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A Sustainable Cost Benefit Assessment of Wall Assemblies from the US Department of Energy Solar Decathlon 2011
Chelsea Royall, James Russell
1  Appalachian State University

10.3390/wsf2-00879
Abstract: Residential homes consume 24% of total primary energy while commercial buildings use an additional 19%, totaling 43% of all energy consumption in the U.S. (United States Energy Information Administration [USEIA], 2011). Wall assemblies are a fundamental component of a building's construction and can make significant impacts on building performance. Wall assemblies impact the environment, the builder, and the homeowner in various ways. Depending on the assembly method used to construct walls, a builder may find it easier or more difficult to install, and will identify a labor cost accordingly. Homeowners desire a wall with an affordable cost and appropriate thermal performance. Environmental concerns include using rare or readily available materials or avoiding use of materials which require more energy to produce than they offset. Exploring these factors to discover the ideal wall assembly is critical to enhancing building construction and performance. The purpose of this study was to identify optimal wall assemblies from the US Department of Energy Solar Decathlon 2011 using a newly developed Sustainable Cost Benefit Assessment (SCBA). The wall assemblies were analyzed using cost per square foot, clear wall R-value, and embodied energy metrics as a means for comparison. Reviewing the entries to the Solar Decathlon 2011 it is clear that the structures incorporate unique wall assemblies, which have not yet been studied. The results of this study provide data showing which of these wall types may prove to offer the most energy efficient, affordable, and environmentally conscious options. In addition, it contributes data to suggest which methods should not be adopted for widespread use. The conclusions of this study help supply valuable information describing which wall types are the best options for reducing building energy consumption.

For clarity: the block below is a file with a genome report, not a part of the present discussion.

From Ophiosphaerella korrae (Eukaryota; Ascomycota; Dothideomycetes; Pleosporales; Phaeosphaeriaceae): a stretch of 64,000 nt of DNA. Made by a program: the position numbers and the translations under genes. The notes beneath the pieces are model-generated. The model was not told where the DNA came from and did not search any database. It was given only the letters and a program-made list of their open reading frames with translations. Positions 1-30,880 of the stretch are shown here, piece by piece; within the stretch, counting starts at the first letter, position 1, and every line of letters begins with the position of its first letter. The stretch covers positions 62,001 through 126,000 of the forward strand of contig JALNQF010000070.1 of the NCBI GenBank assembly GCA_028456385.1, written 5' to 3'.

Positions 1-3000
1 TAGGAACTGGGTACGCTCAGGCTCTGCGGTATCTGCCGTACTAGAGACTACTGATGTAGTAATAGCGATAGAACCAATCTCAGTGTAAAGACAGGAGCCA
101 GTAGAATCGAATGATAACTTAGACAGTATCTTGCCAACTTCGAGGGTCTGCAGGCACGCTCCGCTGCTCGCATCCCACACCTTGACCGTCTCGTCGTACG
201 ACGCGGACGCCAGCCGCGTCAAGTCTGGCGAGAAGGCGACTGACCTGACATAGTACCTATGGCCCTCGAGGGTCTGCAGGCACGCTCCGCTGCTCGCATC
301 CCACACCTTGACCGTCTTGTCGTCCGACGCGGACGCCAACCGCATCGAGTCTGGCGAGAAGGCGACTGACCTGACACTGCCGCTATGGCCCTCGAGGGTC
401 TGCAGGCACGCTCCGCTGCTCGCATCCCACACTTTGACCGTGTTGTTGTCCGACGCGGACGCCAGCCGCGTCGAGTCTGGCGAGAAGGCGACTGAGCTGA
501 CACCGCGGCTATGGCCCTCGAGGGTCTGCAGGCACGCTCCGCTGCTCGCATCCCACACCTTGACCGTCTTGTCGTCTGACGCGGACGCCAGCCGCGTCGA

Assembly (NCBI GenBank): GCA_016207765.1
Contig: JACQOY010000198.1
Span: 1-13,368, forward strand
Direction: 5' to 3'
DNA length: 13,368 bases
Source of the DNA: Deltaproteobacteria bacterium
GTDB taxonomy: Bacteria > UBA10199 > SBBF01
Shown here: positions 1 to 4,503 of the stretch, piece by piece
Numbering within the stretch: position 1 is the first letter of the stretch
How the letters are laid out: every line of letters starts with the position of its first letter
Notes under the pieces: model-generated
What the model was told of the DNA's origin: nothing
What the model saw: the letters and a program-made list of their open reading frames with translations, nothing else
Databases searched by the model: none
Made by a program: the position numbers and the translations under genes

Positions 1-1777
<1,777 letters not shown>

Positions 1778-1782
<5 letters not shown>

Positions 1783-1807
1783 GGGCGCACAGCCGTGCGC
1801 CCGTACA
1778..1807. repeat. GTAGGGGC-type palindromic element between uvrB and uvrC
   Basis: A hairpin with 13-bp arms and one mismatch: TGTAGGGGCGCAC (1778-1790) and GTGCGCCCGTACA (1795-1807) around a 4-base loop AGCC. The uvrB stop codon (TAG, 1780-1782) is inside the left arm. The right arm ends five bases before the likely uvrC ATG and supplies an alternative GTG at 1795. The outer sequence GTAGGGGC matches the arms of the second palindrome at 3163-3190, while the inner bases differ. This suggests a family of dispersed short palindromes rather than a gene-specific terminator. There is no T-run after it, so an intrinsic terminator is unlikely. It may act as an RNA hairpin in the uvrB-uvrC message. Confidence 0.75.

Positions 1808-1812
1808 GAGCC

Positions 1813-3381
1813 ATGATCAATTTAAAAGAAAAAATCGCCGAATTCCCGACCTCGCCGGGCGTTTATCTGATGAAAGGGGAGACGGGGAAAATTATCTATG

Keywords: Sustainable Cost Benefit Analysis, embodied energy, high performance building
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